"It's the only thing I've got going this summer," said Miles Bedford, 10, who has attended two 4-H camps and hit a quarter-size piece of the bull's-eye with all five of his shots Wednesday.
"I really like drama," he said. "I like doing archery. And last year I did fly-tying and that was pretty cool, too."
The secret to good shooting, Miles said, is "what Jim said: 'Just keep it in one spot and you'll hit the target dead on.' "
Counselor C.J. Corso, 19, has helped at camp for five years and was a camper before that for four years.
"We keep them busy," he said as he painted a small flower pot. "There's no down time."
"C.J., like it?" Erik Miller asked, looking up from the crowded picnic table.
"Yeah, it's a beautiful one, green and purple. You going to give that to your mom?"
A few minutes later Erik, 9, is occupied by squirting dyes from ketchup-style containers into a wet T-shirt bundled inside a web of rubber bands.
"Do you want to do a rainbow, sweetie, or do you want to do your own design," counselor Lia Carpeneti, 19, asked Erik.
"Own design," he replied, and it was. First he squirted red and green dyes in the two-fisted technique, then aimed a steady stream of blue for quite a while, then applied blue and green from each hand.
Blade Aycock, 10, was at his first 4-H camp. It started midday Monday and ended midday Friday. He showed a fishing fly made from a black chicken feather. You'd have to be a fish to be tantalized, but a feather pulsing in the water would look like a wriggling leech.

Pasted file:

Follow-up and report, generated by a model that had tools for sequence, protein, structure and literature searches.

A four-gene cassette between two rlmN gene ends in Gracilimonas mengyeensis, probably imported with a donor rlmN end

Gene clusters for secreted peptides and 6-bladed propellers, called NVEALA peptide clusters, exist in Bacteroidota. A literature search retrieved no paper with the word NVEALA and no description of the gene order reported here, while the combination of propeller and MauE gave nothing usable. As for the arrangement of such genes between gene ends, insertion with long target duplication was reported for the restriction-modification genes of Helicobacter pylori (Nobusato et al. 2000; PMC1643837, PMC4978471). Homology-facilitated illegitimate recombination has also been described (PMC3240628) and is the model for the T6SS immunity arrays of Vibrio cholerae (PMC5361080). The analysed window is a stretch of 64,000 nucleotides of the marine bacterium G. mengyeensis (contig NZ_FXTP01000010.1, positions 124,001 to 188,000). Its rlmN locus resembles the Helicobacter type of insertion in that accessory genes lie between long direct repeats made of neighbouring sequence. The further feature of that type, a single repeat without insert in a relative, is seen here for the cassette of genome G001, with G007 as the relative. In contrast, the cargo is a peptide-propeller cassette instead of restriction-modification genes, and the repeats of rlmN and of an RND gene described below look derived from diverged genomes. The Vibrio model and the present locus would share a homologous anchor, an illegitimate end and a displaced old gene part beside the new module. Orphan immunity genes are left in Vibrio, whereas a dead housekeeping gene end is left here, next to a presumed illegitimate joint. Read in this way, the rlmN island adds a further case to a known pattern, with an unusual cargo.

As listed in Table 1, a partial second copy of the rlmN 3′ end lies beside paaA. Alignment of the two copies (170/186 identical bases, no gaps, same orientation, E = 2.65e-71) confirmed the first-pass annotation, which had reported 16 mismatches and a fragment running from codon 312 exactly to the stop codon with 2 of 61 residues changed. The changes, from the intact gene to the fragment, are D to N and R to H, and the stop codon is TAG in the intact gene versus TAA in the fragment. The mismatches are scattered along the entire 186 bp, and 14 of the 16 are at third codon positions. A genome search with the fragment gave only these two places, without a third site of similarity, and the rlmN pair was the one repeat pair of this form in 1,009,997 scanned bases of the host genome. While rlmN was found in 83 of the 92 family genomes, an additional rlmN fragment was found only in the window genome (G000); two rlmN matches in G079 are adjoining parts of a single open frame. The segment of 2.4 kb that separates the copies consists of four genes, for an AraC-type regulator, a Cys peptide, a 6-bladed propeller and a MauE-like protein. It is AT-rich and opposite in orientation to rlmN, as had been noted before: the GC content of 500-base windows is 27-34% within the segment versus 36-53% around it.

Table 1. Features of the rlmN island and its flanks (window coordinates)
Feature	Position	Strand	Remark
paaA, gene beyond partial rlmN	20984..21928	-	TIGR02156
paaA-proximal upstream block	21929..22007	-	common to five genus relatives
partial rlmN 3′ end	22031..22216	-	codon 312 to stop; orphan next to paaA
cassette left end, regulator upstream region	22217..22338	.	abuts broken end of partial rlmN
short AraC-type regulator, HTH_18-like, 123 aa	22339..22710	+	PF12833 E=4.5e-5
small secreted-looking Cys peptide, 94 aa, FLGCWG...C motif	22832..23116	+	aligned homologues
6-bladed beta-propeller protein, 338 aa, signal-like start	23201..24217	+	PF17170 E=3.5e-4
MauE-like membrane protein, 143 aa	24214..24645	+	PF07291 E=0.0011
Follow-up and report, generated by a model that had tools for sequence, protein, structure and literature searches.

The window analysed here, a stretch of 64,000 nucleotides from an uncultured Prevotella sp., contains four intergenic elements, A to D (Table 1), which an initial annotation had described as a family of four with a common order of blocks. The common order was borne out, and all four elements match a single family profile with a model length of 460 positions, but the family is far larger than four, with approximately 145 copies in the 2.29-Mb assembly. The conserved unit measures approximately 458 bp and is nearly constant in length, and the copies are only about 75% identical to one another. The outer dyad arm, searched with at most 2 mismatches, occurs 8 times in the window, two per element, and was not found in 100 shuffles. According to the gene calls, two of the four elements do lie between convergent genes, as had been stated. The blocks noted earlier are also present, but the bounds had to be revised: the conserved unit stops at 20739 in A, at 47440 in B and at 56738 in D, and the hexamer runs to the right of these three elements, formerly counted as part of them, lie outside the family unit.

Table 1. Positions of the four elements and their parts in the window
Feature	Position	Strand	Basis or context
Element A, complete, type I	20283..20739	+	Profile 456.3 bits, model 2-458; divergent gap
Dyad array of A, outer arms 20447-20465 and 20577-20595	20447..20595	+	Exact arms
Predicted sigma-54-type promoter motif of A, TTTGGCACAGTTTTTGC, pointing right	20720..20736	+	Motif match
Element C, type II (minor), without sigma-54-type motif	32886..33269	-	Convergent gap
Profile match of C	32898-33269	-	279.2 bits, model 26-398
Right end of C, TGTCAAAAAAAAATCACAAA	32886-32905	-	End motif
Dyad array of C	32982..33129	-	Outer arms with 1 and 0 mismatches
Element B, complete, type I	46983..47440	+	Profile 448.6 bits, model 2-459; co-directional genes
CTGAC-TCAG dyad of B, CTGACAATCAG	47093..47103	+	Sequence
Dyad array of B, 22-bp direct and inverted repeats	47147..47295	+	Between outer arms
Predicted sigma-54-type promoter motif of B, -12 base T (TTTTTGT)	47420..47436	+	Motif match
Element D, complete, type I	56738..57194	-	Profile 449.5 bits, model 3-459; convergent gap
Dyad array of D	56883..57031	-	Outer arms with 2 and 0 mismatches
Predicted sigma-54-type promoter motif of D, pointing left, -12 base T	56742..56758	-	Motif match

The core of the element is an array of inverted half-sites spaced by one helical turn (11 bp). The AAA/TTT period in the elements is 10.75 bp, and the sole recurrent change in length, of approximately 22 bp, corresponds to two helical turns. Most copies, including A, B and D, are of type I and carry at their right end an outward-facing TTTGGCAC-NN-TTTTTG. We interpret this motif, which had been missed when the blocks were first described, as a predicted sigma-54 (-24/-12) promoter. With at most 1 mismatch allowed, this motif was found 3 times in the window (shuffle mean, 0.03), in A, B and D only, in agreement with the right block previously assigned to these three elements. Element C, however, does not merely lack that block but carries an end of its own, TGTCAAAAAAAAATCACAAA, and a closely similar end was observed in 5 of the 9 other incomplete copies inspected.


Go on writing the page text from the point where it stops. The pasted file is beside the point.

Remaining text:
"This is what I'm really into a lot," Blade said above the sound of squealing and "ow, ow, ow" as a human knot fell apart near him.
The 4-H camp is important, Douglas said, because it's one of the few camps that are co-ed and don't have a religious affiliation. The teenage counselors benefit, as well, although they give up part of their summer earning season to work there.
"Who else would give them the responsibility? I want them to know I trust them. It gives them a chance to be in command and make mistakes where we can recover," Douglas said.
"For me, it's a moving experience for these kids to be so loyal to the little kids. They come here so the little kids have a great experience."
Some of the kids become counselors at 14, said Janeann Twelker, a camp cook and mother of Karl, 19, a counselor.